Tara Sprickerhoff photo Birds show that life is coming back to Scout Island after a long winter. A fundraising banquet to support the nature centre will be held April 20.

Scout Island Nature Banquet to take place Friday, April 20

Rob Higgins, former resident, presenting on stories of B.C. bugs

The Scout Island Nature Centre will be hosting their annual banquet April 20 at the United Church Hall.

The event will be catered by members of the United Church, with delicious desserts from the dependable Joanne Wright.

The social part of the evening will start around 6 p.m. with the banquet starting at 6:45 p.m. The banquet will be followed by speaker Rob Higgins.

Higgins is a former lakecity resident and entomologist — one who studies insects, and in Higgin’s case, ants.

While based in Williams Lake, Higgins confirmed the presence of the European fire ant in British Columbia, as well as rediscovering a number of other invasive ant species.

Having since moved to lecture at the Thompson Rivers University in Kamloops, Higgins will be returning with his familiar enthusiasm to present on insects, good and bad, for the banquet.

The passionate scientist — whose students report is very interesting in lectures — will deliver a presentation: The Old and the Awesome Versus the New and the Terrible: Stories of the Insects of British Columbia.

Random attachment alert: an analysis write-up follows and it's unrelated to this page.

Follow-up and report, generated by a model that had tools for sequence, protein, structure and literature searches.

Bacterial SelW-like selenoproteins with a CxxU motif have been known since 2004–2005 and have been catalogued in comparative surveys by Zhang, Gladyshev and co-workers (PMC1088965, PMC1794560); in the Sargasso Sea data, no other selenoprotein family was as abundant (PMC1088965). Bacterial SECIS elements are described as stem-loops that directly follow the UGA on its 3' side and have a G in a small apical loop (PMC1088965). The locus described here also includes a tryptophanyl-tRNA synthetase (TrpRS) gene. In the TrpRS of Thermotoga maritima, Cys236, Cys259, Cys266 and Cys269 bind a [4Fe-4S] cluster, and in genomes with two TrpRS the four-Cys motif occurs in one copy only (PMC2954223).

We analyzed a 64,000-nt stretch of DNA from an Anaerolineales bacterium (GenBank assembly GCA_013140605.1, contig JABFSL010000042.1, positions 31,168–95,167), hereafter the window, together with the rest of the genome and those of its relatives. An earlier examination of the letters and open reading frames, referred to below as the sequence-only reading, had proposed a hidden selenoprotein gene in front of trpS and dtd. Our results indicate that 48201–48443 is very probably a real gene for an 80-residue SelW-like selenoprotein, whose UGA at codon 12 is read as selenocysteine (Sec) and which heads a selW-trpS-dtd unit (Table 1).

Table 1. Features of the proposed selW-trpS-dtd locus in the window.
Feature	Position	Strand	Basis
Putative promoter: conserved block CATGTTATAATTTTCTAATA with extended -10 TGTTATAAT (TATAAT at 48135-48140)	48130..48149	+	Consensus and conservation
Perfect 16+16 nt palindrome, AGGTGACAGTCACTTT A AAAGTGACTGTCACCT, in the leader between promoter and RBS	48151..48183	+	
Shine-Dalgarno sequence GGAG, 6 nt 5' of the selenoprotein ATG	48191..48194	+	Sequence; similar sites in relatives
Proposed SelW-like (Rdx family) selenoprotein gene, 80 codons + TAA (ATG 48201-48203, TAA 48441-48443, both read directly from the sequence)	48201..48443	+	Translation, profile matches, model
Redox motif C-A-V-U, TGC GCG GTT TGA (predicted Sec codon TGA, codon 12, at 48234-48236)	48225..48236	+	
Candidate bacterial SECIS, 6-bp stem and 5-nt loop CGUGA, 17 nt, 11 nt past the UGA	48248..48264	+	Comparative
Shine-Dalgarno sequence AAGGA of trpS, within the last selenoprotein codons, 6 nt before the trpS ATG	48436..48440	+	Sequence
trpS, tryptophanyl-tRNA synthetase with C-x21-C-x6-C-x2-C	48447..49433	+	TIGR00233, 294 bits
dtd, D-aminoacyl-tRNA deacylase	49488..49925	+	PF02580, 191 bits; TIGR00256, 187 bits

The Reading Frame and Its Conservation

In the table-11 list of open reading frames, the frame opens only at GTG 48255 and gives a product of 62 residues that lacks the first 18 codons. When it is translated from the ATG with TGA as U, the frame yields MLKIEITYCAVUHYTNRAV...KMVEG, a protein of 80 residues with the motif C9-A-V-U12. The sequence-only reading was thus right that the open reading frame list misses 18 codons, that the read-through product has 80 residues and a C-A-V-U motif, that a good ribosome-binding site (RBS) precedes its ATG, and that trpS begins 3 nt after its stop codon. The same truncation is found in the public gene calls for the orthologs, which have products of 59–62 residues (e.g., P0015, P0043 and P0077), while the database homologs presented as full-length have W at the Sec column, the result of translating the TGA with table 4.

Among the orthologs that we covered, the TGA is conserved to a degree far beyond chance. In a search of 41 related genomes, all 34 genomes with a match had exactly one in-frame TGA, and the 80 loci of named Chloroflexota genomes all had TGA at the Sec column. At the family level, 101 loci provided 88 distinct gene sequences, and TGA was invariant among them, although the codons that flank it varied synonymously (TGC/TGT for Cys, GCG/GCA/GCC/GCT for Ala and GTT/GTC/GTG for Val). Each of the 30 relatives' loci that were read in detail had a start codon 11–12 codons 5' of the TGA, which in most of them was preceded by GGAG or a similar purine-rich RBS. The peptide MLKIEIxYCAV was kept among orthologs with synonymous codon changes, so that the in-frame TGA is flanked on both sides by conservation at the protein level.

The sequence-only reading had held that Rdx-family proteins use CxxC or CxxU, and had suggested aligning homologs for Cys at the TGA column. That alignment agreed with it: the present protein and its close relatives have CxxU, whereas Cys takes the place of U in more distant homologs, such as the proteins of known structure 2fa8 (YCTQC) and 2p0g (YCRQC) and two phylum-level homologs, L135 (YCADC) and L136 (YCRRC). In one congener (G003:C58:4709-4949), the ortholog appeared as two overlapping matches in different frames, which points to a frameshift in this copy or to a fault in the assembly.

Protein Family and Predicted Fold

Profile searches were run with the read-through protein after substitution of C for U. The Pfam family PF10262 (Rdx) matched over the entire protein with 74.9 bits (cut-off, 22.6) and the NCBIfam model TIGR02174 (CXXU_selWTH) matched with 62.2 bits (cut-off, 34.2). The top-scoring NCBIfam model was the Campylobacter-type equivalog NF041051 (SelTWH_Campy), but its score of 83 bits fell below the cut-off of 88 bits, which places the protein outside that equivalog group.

His talk will cover the diversity of insects in the province, from beautiful butterflies, hissing beetles, and the social ants that ranch, take slaves, and even feed on the blood of their young. He’ll also look at some of the new arrivals, from biting ladybugs, insects that spoil the taste of wine, and even ants that can stop planes from landing.

“There are many awesome tales to tell,” said Higgins in his speech preamble.

The evening is an important fundraiser for the nature centre, and one that celebrates the natural beauty that Scout Island preserves.

“When you think of the services being provided down there, we have to have a lot of people working, and we have to have a lot of money for supplies, educational materials and other things. It’s significant,” said Fred McMechan, past president of the Williams Lake Field Naturalists, who run Scout Island.

While much of the funding for the Scout Island Nature Centre comes from grants, every little bit helps.

“The other thing that is nice about it, being involved, it’s a very nice social outing for a lot of people who look forward to coming, enjoying their meal, and socializing.”

The tickets are $40 for an adult $15 for a student, and are available at the Open Book, the Nature House and members of the club.

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